Four killed in theme park tragedy
Four people have been killed in an accident at a theme park on Australia's east coast, officials said.
Two men and two women died while on the Thunder River Rapids ride at Dreamworld, a popular attraction on the Gold Coast, Queensland state police officer Todd Reid told reporters.
A malfunction on the ride, which whisks people in circular rafts along a fast-moving, man-made river, caused two people to be ejected from their raft, while two others were caught inside the ride, said Gavin Fuller, an officer with the Queensland Ambulance Service.
He did not know if the two victims who were caught in the ride were trapped underwater, or caught up in the machinery.
Park staff administered first aid to the victims, but their injuries proved fatal, Mr Fuller said.
The victims were in their 30s and early 40s, he added.
Mr Reid said he was not aware of any previous problems with the ride.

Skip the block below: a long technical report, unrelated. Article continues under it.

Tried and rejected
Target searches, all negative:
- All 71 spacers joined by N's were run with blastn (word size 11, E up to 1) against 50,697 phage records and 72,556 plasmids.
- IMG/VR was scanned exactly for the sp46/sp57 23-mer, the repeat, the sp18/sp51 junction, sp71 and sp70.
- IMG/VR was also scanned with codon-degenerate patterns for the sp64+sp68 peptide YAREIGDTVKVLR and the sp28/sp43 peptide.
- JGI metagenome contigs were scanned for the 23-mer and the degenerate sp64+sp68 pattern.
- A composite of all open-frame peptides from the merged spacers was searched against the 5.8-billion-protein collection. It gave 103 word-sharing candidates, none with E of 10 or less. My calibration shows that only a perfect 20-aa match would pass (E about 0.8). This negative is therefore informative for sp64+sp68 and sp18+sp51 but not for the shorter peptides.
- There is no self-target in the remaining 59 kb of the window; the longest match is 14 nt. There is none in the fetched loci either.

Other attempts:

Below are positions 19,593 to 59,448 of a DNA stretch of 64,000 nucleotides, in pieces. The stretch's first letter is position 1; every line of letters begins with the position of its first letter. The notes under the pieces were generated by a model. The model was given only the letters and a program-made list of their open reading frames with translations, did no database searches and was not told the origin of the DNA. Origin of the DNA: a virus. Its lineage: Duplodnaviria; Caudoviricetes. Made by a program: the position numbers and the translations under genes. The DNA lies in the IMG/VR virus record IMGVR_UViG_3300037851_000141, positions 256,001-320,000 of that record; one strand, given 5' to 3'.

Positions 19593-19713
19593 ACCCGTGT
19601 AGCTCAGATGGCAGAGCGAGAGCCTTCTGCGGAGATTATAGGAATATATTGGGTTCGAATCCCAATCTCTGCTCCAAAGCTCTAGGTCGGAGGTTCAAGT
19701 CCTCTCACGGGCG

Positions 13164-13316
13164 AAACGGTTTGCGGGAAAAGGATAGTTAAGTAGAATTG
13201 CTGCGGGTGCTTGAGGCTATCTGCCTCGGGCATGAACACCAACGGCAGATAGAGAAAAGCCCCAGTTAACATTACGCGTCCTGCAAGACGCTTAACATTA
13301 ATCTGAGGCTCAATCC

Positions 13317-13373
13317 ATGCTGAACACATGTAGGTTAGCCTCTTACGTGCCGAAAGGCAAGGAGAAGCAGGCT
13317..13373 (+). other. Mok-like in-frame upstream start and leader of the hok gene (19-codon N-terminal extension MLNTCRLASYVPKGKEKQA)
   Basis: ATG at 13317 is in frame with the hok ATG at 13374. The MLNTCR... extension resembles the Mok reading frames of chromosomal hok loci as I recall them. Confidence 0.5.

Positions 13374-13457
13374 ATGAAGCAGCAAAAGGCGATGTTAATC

Dreamworld chief executive Craig Davidson said the park was working with police to try to determine what went wrong.
"We are deeply shocked and saddened by this, and our hearts and our thoughts go out to the families involved and to their loved ones," he said..
The theme park was closed following the accident.
Witness Lia Capes told the Australian Broadcasting Corp that she was just about to go on the ride when she saw people running out, crying.
"I was speaking to one of the guys and he said it was the raft or the boat thing in front of him - the whole thing flipped and everyone was screaming," she said.
Thunder River is considered one of Dreamworld's tamer, family-friendly rides, and is open to children as young as two.
The park, which has been open since 1981, also features several rollercoasters and the free-fall ride The Giant Drop, where passengers plunge from a height of nearly 400ft (120m).
In April, the park's Rocky Hollow Log Ride was temporarily shut down after a man fell from the ride.
Australian Prime Minister Malcolm Turnbull said there would be a thorough investigation into the cause of Tuesday's accident.
"Theme parks are a place for family fun and happiness, not tragedy," he said.